So, I promised to explain the slightly jargonistic term "up to".

Well, superficially, it is simple; it merely refers to a sort of relaxed form of equality. In order to explains this, I am going to make it seem extremely technical, but I am only doing it this way as I thought it might amuse some of you to see something that might not be too familiar.

The term "up to" is invariably followed by some sort of qualifier; this qualifier refers to an equivalence relation. That is, there is a relation on the set in question under which equivalent elements can be considered to be the same.

Let me explain. An equivalence relation on a set (which may, or may not, have additional structure) is a relation that satisfies

reflexivity:

symmetry:

transitivity: if and then .

Just to calm a few nerves (perhaps) I should say straight away that equality "=" is just such a relation, as you may easily check. I will give further examples later.

Elements of a set that are so related form what is called anequivalence class, so if, say and , then the set is referred to as, say , where the typical element is called a class representative.

Now the property of transitivity means that no element of our total set can be in more that one equivalence class, which thus induces apartitionof this set - that is, a "division" into totally disjoint subsets. Here's a familiar example: consider the positive integers exactly divisible by 2 - as an equivalence class . The partition induced thereby leaves the set "remaining". Just as each element in can be found by adding 2 to some other element in , so each element in can be likewise found. We call these the even and odd positive integers.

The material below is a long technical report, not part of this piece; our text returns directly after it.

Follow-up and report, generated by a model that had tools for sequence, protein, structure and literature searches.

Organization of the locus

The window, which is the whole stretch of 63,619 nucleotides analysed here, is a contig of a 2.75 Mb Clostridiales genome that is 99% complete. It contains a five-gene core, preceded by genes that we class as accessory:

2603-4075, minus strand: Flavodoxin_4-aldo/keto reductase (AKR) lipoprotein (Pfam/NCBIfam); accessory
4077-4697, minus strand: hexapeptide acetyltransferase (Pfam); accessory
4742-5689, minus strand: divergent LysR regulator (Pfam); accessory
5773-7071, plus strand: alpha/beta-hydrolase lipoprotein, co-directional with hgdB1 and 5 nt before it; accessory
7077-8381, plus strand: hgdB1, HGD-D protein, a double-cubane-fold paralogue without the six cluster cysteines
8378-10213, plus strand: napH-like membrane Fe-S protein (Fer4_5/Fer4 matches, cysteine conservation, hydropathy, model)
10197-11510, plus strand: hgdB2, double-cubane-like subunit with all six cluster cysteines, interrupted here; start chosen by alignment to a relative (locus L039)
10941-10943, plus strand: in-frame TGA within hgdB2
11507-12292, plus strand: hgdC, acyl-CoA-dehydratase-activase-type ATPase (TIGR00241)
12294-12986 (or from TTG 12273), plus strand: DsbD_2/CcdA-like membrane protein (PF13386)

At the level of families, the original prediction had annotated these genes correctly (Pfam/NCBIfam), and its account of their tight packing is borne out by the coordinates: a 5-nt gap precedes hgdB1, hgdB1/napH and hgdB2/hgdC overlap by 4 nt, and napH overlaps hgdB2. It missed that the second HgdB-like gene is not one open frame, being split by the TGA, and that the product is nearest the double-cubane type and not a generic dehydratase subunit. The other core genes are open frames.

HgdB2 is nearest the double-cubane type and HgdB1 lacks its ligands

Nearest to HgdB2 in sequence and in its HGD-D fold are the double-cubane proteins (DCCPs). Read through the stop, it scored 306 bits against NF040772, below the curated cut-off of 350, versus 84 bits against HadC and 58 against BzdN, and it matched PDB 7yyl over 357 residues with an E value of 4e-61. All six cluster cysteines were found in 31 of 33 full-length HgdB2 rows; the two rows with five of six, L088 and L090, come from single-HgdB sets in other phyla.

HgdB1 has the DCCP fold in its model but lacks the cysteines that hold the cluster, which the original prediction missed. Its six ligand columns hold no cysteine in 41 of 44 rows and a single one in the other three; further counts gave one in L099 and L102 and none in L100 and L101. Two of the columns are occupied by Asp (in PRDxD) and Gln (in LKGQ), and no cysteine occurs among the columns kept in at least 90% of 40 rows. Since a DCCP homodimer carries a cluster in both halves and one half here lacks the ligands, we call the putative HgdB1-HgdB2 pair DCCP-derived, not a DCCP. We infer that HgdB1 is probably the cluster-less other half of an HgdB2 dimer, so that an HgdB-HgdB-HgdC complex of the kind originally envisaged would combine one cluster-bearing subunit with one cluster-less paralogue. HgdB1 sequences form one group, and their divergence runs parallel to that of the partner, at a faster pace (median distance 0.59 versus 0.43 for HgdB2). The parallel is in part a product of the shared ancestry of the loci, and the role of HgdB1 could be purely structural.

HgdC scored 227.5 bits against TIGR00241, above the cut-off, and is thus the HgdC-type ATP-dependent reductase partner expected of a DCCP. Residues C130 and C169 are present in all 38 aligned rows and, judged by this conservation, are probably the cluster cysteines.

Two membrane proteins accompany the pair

Isomorphism (and its up-market friends homeomorphism, diffeomorphism etc) is an equivalence relation as defined. So I may have the expression "up to isomorphism", to mean that for the purpose at hand, isomorphic vector spaces may be regarded as equal (homeomorphic for top. spaces, diffeomorphic for diff. manifolds). I actually insisted on the slightly stronger condition ofnaturallyisomorphic - I gave my reasons.

The partition I referred to now becomes a partition on the universe of vector spaces, or, as I would prefer to call it, the "category" of such spaces.

Now the set (structured or not) formed from the entire collection of classes under some equivalence relation is called thequotient setand is written . There is a bit of theory that insists that, if any function on is to be well-defined, then it must be insensitive to which element of an equivalence class it takes as input; that is for all and some , which to some extent justifies the claim that equivalent spaces may be regarded as equal.

A proposmy earlier example, there is a somewhat related notion of modulo, or "mod" for short. But this post is already over-long, let it wait.